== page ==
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HHr-PJM 2017-FINAL2 -Publishing Version

Pure Jazz Magazine covers the music called Jazz from a very unique perspective not seen in most publications.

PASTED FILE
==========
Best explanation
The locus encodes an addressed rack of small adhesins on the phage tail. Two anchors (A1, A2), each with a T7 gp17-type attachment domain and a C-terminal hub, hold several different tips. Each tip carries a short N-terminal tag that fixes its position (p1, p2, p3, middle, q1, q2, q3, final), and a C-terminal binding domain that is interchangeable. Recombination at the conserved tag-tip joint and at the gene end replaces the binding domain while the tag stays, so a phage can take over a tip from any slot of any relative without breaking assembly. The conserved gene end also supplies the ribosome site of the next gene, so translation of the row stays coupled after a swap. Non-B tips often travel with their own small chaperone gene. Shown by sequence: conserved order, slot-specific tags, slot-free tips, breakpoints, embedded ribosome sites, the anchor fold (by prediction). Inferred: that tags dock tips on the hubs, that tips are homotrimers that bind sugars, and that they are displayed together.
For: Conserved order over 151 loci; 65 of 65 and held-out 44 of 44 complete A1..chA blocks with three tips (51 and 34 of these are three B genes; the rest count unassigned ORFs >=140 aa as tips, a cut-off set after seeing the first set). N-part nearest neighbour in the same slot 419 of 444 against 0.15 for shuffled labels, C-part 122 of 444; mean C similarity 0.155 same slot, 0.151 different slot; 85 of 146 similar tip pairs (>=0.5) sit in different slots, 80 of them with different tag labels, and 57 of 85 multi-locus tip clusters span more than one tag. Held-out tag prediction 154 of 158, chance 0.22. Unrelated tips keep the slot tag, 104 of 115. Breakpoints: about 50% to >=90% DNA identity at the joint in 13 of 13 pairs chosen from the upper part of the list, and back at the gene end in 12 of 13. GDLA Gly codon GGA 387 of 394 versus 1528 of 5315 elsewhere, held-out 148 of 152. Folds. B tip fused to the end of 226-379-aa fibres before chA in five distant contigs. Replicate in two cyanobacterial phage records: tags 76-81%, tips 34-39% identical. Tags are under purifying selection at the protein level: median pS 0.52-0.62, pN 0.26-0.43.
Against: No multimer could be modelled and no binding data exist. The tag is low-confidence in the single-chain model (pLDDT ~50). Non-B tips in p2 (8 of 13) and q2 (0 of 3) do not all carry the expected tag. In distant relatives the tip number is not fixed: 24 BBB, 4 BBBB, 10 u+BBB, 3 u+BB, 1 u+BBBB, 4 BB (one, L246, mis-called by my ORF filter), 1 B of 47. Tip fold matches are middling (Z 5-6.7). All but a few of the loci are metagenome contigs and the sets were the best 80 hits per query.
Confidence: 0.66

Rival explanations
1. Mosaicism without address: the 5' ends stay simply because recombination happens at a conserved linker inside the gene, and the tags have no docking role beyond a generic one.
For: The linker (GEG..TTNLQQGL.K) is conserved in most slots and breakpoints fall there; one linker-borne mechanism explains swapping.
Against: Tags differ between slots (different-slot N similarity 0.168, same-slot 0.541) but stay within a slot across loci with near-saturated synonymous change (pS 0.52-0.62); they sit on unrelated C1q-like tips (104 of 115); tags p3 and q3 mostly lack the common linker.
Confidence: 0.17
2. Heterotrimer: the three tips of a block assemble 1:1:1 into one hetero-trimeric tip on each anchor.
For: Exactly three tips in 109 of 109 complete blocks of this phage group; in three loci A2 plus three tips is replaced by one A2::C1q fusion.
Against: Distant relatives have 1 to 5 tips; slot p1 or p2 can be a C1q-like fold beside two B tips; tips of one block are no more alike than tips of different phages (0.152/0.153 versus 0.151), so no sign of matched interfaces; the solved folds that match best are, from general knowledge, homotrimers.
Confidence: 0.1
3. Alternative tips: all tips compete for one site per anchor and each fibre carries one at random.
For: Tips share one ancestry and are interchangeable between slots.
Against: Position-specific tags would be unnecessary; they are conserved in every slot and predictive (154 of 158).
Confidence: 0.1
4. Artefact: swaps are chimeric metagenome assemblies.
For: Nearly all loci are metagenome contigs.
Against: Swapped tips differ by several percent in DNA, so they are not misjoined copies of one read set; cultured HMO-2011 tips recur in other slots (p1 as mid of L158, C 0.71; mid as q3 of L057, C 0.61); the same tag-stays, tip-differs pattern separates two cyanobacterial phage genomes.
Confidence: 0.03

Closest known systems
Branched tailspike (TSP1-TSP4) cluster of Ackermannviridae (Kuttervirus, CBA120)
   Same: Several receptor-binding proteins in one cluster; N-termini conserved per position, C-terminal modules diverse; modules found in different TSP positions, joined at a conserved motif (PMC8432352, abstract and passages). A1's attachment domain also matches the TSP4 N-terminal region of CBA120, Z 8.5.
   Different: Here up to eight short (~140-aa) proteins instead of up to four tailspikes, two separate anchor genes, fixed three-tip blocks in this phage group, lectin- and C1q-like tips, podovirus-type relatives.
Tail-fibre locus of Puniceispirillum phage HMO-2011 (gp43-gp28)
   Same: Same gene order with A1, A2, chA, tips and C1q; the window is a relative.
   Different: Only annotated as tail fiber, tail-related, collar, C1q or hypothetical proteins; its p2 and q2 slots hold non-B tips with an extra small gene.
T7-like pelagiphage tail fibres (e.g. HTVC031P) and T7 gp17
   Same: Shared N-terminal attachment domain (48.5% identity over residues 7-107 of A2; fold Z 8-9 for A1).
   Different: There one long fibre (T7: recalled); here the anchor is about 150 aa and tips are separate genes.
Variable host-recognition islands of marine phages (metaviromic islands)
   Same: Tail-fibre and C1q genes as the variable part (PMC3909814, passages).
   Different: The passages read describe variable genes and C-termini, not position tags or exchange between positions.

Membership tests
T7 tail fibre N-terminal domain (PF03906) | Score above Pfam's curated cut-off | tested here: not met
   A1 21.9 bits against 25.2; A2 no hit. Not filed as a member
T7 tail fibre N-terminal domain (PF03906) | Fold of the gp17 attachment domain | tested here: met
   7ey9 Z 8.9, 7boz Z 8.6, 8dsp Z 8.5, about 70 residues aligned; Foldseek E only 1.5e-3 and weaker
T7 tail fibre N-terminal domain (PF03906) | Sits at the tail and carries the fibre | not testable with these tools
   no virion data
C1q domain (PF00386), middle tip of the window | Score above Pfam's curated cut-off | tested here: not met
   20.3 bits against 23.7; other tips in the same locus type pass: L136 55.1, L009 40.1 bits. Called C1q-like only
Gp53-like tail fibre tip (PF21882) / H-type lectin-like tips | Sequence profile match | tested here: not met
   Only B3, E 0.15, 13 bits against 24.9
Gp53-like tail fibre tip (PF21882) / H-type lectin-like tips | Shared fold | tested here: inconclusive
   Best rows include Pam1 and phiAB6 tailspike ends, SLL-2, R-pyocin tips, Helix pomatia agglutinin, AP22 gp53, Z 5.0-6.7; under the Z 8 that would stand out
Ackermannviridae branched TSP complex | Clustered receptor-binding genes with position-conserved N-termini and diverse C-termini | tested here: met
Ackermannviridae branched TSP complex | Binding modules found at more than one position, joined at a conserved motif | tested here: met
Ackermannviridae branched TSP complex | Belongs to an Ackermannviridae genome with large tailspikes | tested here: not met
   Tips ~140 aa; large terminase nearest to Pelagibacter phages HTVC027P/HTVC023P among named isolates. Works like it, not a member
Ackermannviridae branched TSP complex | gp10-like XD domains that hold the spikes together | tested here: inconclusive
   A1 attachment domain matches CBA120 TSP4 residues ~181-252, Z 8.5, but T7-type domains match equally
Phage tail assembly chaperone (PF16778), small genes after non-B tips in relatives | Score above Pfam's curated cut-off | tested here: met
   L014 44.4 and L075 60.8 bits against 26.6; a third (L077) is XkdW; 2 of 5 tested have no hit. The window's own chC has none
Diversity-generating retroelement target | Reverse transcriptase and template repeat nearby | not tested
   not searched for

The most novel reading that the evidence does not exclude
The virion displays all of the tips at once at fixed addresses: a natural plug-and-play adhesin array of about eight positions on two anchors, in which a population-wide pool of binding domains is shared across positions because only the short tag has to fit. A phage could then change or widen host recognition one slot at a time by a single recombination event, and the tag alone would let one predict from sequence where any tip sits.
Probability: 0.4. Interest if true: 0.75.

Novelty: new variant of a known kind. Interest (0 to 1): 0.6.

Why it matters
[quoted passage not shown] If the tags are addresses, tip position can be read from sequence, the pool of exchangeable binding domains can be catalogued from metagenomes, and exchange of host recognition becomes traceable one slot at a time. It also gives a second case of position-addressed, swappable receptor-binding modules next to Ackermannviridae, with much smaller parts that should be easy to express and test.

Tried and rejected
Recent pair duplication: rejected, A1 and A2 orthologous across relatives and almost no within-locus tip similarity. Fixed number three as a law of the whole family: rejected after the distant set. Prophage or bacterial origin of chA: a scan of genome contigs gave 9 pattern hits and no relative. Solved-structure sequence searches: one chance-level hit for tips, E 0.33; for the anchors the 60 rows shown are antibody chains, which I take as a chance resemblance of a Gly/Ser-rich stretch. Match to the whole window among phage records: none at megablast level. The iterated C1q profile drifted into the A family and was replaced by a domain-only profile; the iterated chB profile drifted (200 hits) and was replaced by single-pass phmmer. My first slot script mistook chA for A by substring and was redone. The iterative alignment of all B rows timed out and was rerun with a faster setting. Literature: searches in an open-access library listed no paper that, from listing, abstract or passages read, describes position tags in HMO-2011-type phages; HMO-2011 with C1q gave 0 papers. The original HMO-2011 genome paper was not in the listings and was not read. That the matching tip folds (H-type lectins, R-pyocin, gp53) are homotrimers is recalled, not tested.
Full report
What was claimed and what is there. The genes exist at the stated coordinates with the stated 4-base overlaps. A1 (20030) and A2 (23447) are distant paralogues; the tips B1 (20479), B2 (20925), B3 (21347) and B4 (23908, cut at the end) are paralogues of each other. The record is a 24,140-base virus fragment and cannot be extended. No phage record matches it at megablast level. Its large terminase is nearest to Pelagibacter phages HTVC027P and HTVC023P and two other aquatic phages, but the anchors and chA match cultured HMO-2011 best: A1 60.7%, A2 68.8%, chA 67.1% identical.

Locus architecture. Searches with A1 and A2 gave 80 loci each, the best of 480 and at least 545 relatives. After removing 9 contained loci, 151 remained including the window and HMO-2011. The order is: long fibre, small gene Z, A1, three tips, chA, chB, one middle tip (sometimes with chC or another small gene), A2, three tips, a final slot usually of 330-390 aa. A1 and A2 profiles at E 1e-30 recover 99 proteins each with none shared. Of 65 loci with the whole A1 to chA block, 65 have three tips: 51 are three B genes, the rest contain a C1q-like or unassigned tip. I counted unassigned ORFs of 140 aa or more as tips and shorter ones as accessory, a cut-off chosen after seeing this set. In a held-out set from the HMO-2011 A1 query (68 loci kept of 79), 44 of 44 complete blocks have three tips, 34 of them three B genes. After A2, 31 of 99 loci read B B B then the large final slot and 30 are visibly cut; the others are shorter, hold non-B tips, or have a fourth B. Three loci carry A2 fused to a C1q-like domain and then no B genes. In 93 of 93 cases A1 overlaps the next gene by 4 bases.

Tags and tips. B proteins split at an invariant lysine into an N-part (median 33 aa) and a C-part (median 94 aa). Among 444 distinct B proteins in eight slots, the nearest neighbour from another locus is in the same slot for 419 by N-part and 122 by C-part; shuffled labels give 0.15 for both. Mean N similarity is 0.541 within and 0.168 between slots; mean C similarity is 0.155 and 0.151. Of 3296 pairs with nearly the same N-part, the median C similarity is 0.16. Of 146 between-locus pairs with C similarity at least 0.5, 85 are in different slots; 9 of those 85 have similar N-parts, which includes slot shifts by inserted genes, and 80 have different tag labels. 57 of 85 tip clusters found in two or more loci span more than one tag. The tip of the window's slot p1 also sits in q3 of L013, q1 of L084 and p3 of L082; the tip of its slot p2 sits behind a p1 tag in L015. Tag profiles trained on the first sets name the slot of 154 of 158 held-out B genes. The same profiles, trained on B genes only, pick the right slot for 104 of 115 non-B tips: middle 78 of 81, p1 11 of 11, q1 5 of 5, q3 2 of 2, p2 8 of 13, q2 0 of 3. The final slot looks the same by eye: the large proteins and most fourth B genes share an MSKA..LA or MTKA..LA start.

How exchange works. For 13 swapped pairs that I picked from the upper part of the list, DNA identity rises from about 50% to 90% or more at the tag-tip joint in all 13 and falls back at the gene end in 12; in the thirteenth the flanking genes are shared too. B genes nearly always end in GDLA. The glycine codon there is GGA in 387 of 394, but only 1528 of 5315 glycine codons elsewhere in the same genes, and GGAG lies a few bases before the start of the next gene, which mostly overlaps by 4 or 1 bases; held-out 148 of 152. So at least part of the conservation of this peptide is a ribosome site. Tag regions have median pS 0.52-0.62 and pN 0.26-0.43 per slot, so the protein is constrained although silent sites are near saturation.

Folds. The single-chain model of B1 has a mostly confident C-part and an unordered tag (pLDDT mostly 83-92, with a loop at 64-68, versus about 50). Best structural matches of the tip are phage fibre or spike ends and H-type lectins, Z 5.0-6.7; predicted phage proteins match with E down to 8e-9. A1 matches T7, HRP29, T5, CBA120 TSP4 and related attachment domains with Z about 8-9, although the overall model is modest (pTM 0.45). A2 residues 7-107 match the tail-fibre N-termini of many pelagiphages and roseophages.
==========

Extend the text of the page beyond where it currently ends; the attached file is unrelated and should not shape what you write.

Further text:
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day and met Lester Young; both played in Fletcher Henderson’s band. By the age of seventeen in 1932, Billie Holiday replaced singer Monette Moore at a club called Covans on West 132 Street in Harlem. The producer John Hammond, who loved to hear Monette sing, heard Billie. The rest, as they say, “is history”. By November of 1933 at the age of 18 Hammond arranged for Billie to make her debut. She recorded two songs with the Benny Goodman band, “Your Mother’s Son-in-Law “ which sold 300 copies and “Riffin The Scotch” which sold 5,000 copies. Hammond compared Holiday favorable to Louis Armstrong and said she had a good sense of lyric content at an early age. In 1935 Brunswick Records signed Billy and John Hammond to record current pop tunes with Teddy Wilson in the new swing style for the growing jukebox trade. They were given free reign to improvise. Billie’s improvisation of the melody line to fit the emotion was revolutionary. They collaborated on “What A Little Moonlight Can Do” and “Miss Brown To You”. Brunswick did not favor the recordings at first but after the recordings garnered success, the company began to see Holiday as an artist in her own right. Most of the recordings between Wilson and Holiday during the 1930s and the 1940s are regarded as important parts of the Jazz vocal library. She was then in her twenties. In 1937 Billie had a short stint as a band vocalist with Count Basie. They could not get along so Basie fired her. After being fired by Basie she was hired by Artie Shaw which placed her among the first black women to work with an all white orchestra; an unusual arrangement at the time. She toured with the band throughout the segregated south. She quit after experiencing a few degrading situations. In the late 1930s she was introduced to the song “Strange Fruit” based on a poem written by Abel Mieropol aka Lewis Allen, a Jewish schoolteacher from the Bronx. Barney Josephson the proprietor of “Café Society”, an integrated nightclub in Greenwich Village, heard it. He introduced the song to Billie and she performed it in 1939…She had the waiters silence the crowd before the song began. During the song’s long intro the lights were dimmed and all movement had to cease. As Billie began to sing only a small spotlight illuminated her face. On the final note all the lights went out and when they came back on, Billie was gone. Billie said that the mood for the song came from the death of her father who was refused medical treatment because of prejudice. By 1941 because of the publicity “Strange Fruit” had gotten her, she asked her manager Joe Glaser for a raise and got it. In 1944 she recorded for Commodore Records old and new songs, including “I’ll Be Seeing You” and “Embraceable You” The latter would be inducted into the Grammy Hall of Fame in 2005. Sadie Fagan aka ‘The Duchess’ opened up a restaurant called Mom’s Holiday in 1944 and Billy supported her. The restaurant did not do too well and Billie was coming up short herself. She asked her mother for a loan but was denied. The two argued and Billie shouted,”God Bless The Child That’s Got His Own”. Arthur Herzog Jr. and Billie wrote a song based on the line and added music. This song became one of Billie’s most popular and covered records, selling over a million copies. In 1976 the song was added to the Grammy Hall of Fame. In June 1942 Billie recorded “Trav’lin light” with Paul Whiteman for a new label, Capital Records. Because she was under contract with Columbia she used another name ‘Lady Day’. The song reached number 23 on the pop charts and number one on the rhythm and blues chart. In September of 1943 Life magazine wrote, ”She has the most distinctive style of any popular vocalist and is imitated by other vocalists”. Milt Gabler, AR man for Decca Records and owner of Commodore Records signed her to the label in 1944 when she was 29. Her first Decca recording was “Lover Man”. It reached number 16 on the pop charts and number 5 on the rhythm and blues chart. It was one of her biggest hits. It made Billy a staple in the pop community, leading to solo concerts, rare for Jazz singers in the late 1940s. Gabler said,”I made Billie into a real pop singer. That was right in her. Billie loved those songs”. Jimmy Davis and Roger Ram Ramirez had tried to interest Billie in their composition “Lover Man”. Billie asked Gabler for strings on the recording. Such arrangements were associated with Frank Sinatra and Ella Fitzgerald. On October 4, 1944 Holiday entered the studio to record “Lover Man”. She was overwhelmed with joy and had to walk back out before she could perform. A month later Billie returned to Decca records to perform “That Ole Devil Called Love”, “Big Stuff ” and “Don’t Explain”. She wrote “Don’t Explain” after she caught her husband Jimmy Monroe with lipstick on his collar. She did not make any more records until 1945 when she recorded “Don’t Explain” for the second time. She changed the Lyrics several times because of the drama her husband was putting her through. Another songs recorded was “What is This Thing Called Love” Pure Jazz Magazine - Page 11